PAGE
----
Measurement Scales in Research Methodology

Certain research data are qualitative in nature. Data on attitude, opinion or behavior of employees, customers, and sales persons etc., are qualitative. The terms “attitude” and “opinion” have frequently been differentiated in psychological and sociological investigations. A commonly drawn distinction has been to view an attitude as a predisposition to act in a certain way and an opinion as a verbalization of the attitude. Thus, a statement by a respondent that he prefers viewing color to black-and-white television programs would be an opinion expressing one aspect of the respondent’s attitude toward color television. Motivation, commitment, satisfaction, leadership effectiveness, etc involve attitude measurement based on revealed opinions. These qualitative data require measurement scales for being measured.

Types of Measurement Scales used in Research

There are four different scales of measurement used in research; nominal, ordinal, interval and ratio. The rules used to assign numerals objects define the kind of scale and level of measurement. A brief account of each scaling type is given below;

  1. Nominal Scales: Nominal scale is the simplest form of measurement. A variable measured on a nominal is one which is divided into two or more categories, for example, gender is categorized as male or female, a question as to whether a family owns a iPhone can be answered ‘Yes’ or ‘No’. It is simply a sorting operation in which all individuals or units or answers can be placed in one category or another (i.e. the categories are exhaustive). The essential characteristic of a nominal scale is that in terms of a given variable, one individual is different from another and the categories are discriminate (i.e. the categories are mutually exclusive). This characteristic of classification if fundamental to all scales of measurement. Nominal scales that consist only two categories such as female-male, agree-disagree,aware-unaware, yes-no, are unique and are called dichotomous scales. Such dichotomous nominal scales are important to researchers because the numerical labels for the two scale categories can be treated as though they are of interval scale value.
  2. Ordinal Scales: Ordinal scales have all the properties of a nominal scale, but, in addition, categories can be ordered along a continuum, in terms of a given criterion. Given three categories A, B and C, on an ordinal scale, one might be able to say, for e.g., that A is greater than B and B is greater than C. If numerals are assigned to ordinal scale categories, the numerals serve only as ranks for ordering observations from least to most in terms of the characteristic measured and they do not indicate the distance between scale that organizes observations in terms of categories such as high, medium and low or strongly agree, agree, not sure, disagree, and strong disagree.
  3. Interval Scales: Interval scales incorporate all the properties of nominal and ordinal scales and in addition, indicate the distance or interval between the categories. In formal terms one can say not only that A is greater than B and B is greater than C but also that (A-B)=(B-C) or (A-C)=(A-B)+(B-C). Examples of interval scale include age, income and investments. However, an interval scale is one where there is no absolute zero point. It can be placed anywhere along a continuum e.g., the age can be between 20 to 60 years and need not necessarily start from 0 years. This makes ratio comparison, that A is twice that of B or so wrong.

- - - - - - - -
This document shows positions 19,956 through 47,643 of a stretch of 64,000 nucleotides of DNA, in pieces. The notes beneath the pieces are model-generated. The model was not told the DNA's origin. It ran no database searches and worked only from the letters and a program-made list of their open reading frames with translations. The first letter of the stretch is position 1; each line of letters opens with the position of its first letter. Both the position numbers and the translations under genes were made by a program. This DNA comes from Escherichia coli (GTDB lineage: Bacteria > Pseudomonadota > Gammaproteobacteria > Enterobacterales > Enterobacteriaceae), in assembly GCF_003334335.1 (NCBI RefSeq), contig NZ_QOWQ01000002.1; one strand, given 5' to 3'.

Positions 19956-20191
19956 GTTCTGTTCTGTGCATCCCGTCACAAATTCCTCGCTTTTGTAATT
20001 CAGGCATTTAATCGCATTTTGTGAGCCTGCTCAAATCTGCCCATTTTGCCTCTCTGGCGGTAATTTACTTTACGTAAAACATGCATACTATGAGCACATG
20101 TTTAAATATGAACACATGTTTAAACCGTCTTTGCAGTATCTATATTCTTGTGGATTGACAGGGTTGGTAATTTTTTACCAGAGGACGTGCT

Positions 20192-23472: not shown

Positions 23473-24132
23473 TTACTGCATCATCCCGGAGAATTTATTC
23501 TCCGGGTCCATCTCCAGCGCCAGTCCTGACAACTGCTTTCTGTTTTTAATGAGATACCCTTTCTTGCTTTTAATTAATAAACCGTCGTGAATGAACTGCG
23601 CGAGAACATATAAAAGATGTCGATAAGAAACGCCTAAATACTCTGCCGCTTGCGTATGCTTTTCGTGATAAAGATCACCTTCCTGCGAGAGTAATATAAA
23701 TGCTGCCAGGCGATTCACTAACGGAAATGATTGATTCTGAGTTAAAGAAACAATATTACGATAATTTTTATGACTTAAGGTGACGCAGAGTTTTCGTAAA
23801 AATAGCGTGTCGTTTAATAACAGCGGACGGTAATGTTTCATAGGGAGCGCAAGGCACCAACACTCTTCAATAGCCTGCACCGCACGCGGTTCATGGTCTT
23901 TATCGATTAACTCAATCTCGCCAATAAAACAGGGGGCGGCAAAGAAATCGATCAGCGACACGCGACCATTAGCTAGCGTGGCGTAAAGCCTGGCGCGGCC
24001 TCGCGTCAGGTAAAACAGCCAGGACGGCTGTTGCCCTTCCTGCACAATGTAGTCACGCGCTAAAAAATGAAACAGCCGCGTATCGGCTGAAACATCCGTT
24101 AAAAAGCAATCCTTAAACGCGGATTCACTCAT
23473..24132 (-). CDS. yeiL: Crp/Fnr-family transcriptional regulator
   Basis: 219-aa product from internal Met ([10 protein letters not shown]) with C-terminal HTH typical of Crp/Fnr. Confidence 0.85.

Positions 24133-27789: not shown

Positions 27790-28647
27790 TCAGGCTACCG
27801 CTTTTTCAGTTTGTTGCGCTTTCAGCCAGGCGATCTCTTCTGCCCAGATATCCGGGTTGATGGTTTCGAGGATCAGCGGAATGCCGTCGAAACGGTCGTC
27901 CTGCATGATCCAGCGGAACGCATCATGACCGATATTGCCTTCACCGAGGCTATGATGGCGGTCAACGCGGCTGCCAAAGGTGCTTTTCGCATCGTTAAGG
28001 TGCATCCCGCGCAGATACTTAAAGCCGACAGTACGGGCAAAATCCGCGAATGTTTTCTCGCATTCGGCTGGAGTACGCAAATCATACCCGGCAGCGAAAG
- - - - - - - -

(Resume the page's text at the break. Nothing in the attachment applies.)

4. Ratio Scales: A special form of interval scale is the ratio scale which differs in that it has a true zero point or a point at which the characteristic that is measured is presumed to be absent. Examples of ratio scales include, weight, length, income, expenditure and others. In each there is a concept of zero income, zero weight, etc. Since ratio scales represent a refinement of interval scales, generally these scales are not distinguished and both the terms are used inter-changeably.

Each of the above four types of scales have a unique method of measurement. Both nominal and ordinal scales consist of discrete number of categories to which numbers are assigned. Thus, a variable such as number of families owning a BMW or iPhone can only take values of 0, 1, 2 3 4 etc. It cannot have values such as 1.5 or 2.5 as the units are integers and indivisible. But interval and ratio scales take any value between two integers, as the variables are continuous. For example, given any ages however close, it is possible to find a third which lies in between. Interval and ratio scales are superior to normal and ordinal scales and a wealth of statistical tools can be employed in their analysis. The different statistical tools are related to these different measurement scales in research, in that there is usually a correspondence between mathematical assumptions of the statistical tool and the assumptions of the scale of measurement. Care must be always taken to match the tools used with the scale of measurement of variables and to use a method which implies a higher scale measurement than the variable allows.

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